Why are Japanese towels so small?

 “…the idea is to let your clean body dry as naturally as possible by exposure to the air”

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Why do the Japanese not worry about mercury etc. in fish, shellfish and seaweed?

I’m really puzzled on this one. Japanese people in England have problems getting all the seaweed they want for cooking because it is banned, quite sensibly, due to high levels of dodgy chemicals from polluted seas in Japan and the UK. And the International Tribune has a story of tuna sushi in New York that should have a health warning on it. Maybe they just don’t want to believe it about something they don’t want to live without- a bit like Scottish people and cholesterol, and everyone and smoking.

Why does politics (and sometimes even the same cabinet position) run in the family in Japan?

Unlike the civil service, becoming a politician is not a job most mothers want for their children.That and the fact that those who rely on carisma soon get squashed by jealous colleagues and/ or the system, leaves those whose families do have such an aspiration a free path. The fact that most factions (and even some parties) are divided more by clannish personal loyalty more than policy or ideology means that the children can often rely on the same power base as the parents to reach the same position, even if their political positions vary. And as little debating skills, personality, looks or leadership skills are historically needed for the job, there is no reason why they shouldn’t make it all the way with that support and a bit of luck.

See the Japanese Politics Explained page on the right for more of the same.

Why is it rude to blow your nose in public in Japan?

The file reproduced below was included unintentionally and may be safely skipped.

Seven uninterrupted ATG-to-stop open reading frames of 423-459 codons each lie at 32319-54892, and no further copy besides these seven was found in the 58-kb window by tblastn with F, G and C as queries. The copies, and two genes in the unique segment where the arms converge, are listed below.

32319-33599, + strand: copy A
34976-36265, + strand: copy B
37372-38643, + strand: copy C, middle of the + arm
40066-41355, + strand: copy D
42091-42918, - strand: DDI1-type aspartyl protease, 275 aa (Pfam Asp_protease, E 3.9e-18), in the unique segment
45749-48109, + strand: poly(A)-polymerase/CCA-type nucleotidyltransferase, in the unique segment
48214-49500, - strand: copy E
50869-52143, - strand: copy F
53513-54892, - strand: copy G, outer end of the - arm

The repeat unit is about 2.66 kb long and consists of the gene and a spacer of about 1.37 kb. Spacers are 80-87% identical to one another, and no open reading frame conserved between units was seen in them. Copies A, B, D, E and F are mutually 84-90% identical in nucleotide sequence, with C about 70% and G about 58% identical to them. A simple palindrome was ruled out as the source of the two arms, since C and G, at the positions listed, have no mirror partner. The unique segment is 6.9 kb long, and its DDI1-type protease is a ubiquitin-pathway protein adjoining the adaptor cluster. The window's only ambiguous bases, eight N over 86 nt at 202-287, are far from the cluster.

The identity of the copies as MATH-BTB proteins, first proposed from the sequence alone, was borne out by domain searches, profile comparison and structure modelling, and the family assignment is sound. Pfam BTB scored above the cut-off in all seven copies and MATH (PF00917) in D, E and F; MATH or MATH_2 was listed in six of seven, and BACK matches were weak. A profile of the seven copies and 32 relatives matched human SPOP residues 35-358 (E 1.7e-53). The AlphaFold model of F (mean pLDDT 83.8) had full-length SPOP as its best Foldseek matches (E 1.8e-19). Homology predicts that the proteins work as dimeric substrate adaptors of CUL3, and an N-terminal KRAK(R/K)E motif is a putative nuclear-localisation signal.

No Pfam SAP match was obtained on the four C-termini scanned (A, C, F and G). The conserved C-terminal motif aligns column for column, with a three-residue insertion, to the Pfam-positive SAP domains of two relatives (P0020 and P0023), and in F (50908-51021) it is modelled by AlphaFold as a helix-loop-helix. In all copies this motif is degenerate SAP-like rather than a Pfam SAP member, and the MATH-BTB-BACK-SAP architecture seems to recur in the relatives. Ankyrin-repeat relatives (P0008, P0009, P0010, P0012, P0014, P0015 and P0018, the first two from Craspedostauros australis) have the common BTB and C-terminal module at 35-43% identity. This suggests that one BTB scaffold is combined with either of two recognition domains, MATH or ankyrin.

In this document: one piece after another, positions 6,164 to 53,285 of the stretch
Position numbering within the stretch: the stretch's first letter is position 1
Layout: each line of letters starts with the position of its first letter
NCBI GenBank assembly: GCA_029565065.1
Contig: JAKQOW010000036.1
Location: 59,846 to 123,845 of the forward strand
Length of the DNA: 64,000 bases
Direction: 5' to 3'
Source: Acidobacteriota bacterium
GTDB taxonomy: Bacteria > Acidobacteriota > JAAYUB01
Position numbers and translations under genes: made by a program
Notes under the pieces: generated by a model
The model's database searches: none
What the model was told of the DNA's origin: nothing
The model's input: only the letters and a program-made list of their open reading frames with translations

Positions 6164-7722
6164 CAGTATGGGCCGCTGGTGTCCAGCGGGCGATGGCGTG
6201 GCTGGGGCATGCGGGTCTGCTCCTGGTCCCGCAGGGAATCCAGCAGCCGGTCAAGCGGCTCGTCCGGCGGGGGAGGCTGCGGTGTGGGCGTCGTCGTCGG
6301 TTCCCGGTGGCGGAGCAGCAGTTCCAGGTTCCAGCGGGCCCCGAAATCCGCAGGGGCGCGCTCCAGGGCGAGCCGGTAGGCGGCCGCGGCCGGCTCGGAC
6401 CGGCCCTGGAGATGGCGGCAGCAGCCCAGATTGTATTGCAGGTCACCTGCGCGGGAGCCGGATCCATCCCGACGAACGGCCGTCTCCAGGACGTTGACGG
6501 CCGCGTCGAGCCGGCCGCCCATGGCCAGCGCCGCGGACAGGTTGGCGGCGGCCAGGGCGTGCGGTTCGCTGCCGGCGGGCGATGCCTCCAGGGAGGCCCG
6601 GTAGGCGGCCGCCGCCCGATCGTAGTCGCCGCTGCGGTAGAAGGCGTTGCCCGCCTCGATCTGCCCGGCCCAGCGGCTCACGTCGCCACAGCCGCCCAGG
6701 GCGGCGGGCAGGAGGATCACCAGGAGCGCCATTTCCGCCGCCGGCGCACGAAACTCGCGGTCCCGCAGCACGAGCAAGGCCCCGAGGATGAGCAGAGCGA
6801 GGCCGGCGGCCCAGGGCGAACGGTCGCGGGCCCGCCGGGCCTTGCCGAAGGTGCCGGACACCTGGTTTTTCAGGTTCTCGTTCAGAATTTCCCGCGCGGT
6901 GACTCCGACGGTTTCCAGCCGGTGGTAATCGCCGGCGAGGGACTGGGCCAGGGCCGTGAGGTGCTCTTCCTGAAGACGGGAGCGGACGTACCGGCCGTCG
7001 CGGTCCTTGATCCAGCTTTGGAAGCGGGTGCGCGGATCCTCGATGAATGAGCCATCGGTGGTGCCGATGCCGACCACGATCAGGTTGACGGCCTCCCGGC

One theory is that in Asia the most common diseases could be passed on through handkerchiefs etc, while those in Europe were more likely to be passed on through spitting- hence the fact that spitting didn’t start to die out in Japan until the Meiji authorities decided it wasn’t something seemly to do in front of foreigners.

Why did the WWII Japanese caricature always have bucked teeth?

This is an odd one, because although Japanese teeth are just as bad as British teeth, bucked teeth doesn’t particularly stand out as a problem. I’m sure someone could write/ has written a whole PhD thesis on this, but here are my theories: That classic Eastern racist anti-hero Fu Man Chu was always portrayed with bucked teeth long before Japan became the biggest yellow peril, so it could have been transferred straight from the Chinese as the Japanese became the biggest threat both in California and in the Pacific. Alternatively, it could have started as a caricature of one particular person that then spread. The whole fact that teeth was such a factor could be due to the caricature coming from America, home of the good teeth obsession.

If Japan is a traditional whaling country, why do they have to send their ships all the way to the South Atlantic?

First of all, there a tenuous link at best between modern Japanese whaling and the few villages that have had this industry for hundreds of years. The technology for modern whaling came entirely from the West and it was Western countries,ironically, that hunted most of the whales in Japanese waters close to zero. It was also, by the way,the American occupation authorities that gave the biggest boost to postwar Japanese whaling

More on this topical topic on the Japanese Whaling explained page on your right.

Why did Japanese women blacken their teeth and why did they stop doing it?

Showing your white teeth was thought to be like showing the white of your bones. The blackening liquid was also thought to preserve the teeth. The practice was outlawed in the Meiji era in order to not offend foreign visitors or more generally to gain their acceptance as a Westernized and therefore equal nation.

Salaryman stat of the day

Why are the Japanese so obsessed with their kids being genki (energetic, lively)?

Thailand is quite similar. It could it be an inherent trust in the good nature of kids due to Buddhism having no concept of original sin, or an understanding that lots of energy (more than lots of original ideas) is what they are going to need in their future educational and working careers. Alternatively it could be because rebellion and mental health problems in Japanese tend to come out as being lethargic and withdrawn

More on Japanese families and education on pages on the right

Why do some Japanese girls do the “dinosaur walk” with shopping bags on the inside of their elbows rather than in their hands?

The bags would touch the ground otherwise??

For more J-girl mysteries, see Japanese women explained

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